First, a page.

Help us create a biggest collection of medieval chronicles and manuscripts on line.
#   A   B   C   D   E   F   G   H   I   J   K   L   M   N   O   P   Q   R   S   T   U   V   W   X   Y   Z 
Medieval chronicles, historical sources, history of middle ages, texts and studies

Roger De Hoveden
The Annals vol.2., From A.D. 1180 To A.D. 1201.


Sir John Froissart's Chronicles of England, France, Spain and the Ajoining Countries from the latter part of the reign of Edward II to the coronation of Henry IV in 12 volumes 

Chronicles of Enguerrand De Monstrelet (Sir John Froissart's Chronicles continuation) in 13 volumes 

  Previousall pages


Roger De Hoveden
The Annals vol.2., From A.D. 1180 To A.D. 1201.
page 325

bisliop of York, at Dover, as also the expulsion of the chancellor from England, upon condition that the said bishop of Elyshould, at the summons of the archbishop of York, make oath, at the hands18 of one hundred priests, that he had neither ordered nor desired that the said archbishop of York should be arrested. After this reconciliation was effected, on the same day, the king departed from Waltham, and proceeded to Portsmouth, for the purpose of crossing over, and queen Eleanor, his mother, with him. On the twenty-fifth, twenty-sixth, and twenty-seventh days of the month of April, the king was staying at Portsmouth. On the twenty-eighth day of the month of April, the king left Portsmouth, and proceeded as far as Stansted, for the sake of hunting ; but, after his departure, the Welch and the Brabanters had a hostBe meeting, and slew one another. On the twenty-ninth day of April, the king returned to Portsmouth, for the purpose of quelling the dissensions of the Welch and the Brabanters, which-was accordingly done. On the thirtieth day of the month of April, and the first day of the month of May, on the feasts of the Apostles Saint PhiBp and Saint James, the king was staying at that place ; which appeared to him to be very tedious. On the second day of the month of May, being the second day of the week, the king ordered aB his fleet to be laden with men, horses, and arms, and, against the advice of his mariners, entered one of his long ships, hoping to be able to saU across ; and although the wind was unfavourable, he refused to return. The other ships, however, remained in harbour, while the king and those with him were tossed about on the waves ; for there was a mighty tempest, and their hearts became fearful. On the following day, the king returned to the Isle of Wight, and then to Portsmouth. After a stay there and in that county of eight days, on the ninth day, being the fifth day of the week, and the feast of Saint Nereus, and Saint AchiBeus, and Saint Pancratius, the Martyrs, he again embarked on board of his ships with his army, and passed over to Normandy, and landed at Harfleur with a hundred large ships, laden with warriors, horses, and arms : on which he immediately hastened to VerneuB, to which the king of Prance had laid siege. On hearing of his approach, the king of Prance, without the knowledge of his army, left the siege of Verneuil on the vigil of Pentecost, after having made a stay there of eighteen days at the siege. In the 1 8 One hundred priests making oath with him to this effect.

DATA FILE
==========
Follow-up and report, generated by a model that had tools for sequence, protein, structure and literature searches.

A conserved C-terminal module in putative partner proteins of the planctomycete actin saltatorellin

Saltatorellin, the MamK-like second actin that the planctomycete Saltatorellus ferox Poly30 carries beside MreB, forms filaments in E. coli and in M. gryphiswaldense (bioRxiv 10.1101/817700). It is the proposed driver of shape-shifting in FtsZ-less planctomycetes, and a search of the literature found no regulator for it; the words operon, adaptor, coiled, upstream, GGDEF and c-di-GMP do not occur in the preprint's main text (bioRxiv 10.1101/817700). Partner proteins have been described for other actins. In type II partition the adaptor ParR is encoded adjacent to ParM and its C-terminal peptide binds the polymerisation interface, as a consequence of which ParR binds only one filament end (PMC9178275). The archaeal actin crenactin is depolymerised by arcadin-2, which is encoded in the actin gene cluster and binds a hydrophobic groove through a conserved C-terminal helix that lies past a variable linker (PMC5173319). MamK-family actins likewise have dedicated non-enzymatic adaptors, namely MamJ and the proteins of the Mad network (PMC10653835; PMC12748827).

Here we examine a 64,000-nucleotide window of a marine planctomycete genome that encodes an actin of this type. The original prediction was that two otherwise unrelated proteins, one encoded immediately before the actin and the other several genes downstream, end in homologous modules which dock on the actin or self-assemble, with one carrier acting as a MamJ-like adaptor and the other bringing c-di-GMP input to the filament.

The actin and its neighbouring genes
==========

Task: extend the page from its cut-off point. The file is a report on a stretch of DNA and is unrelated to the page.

Previous First Next  

"Medievalist" is an educational project designed as a digital collection of chronicles, documents and studies related to the middle age history. All materials from this site are permitted for non commersial use unless otherwise indicated. If you reduplicate documents from here you have to indicate "Medievalist" as a source and place link to us.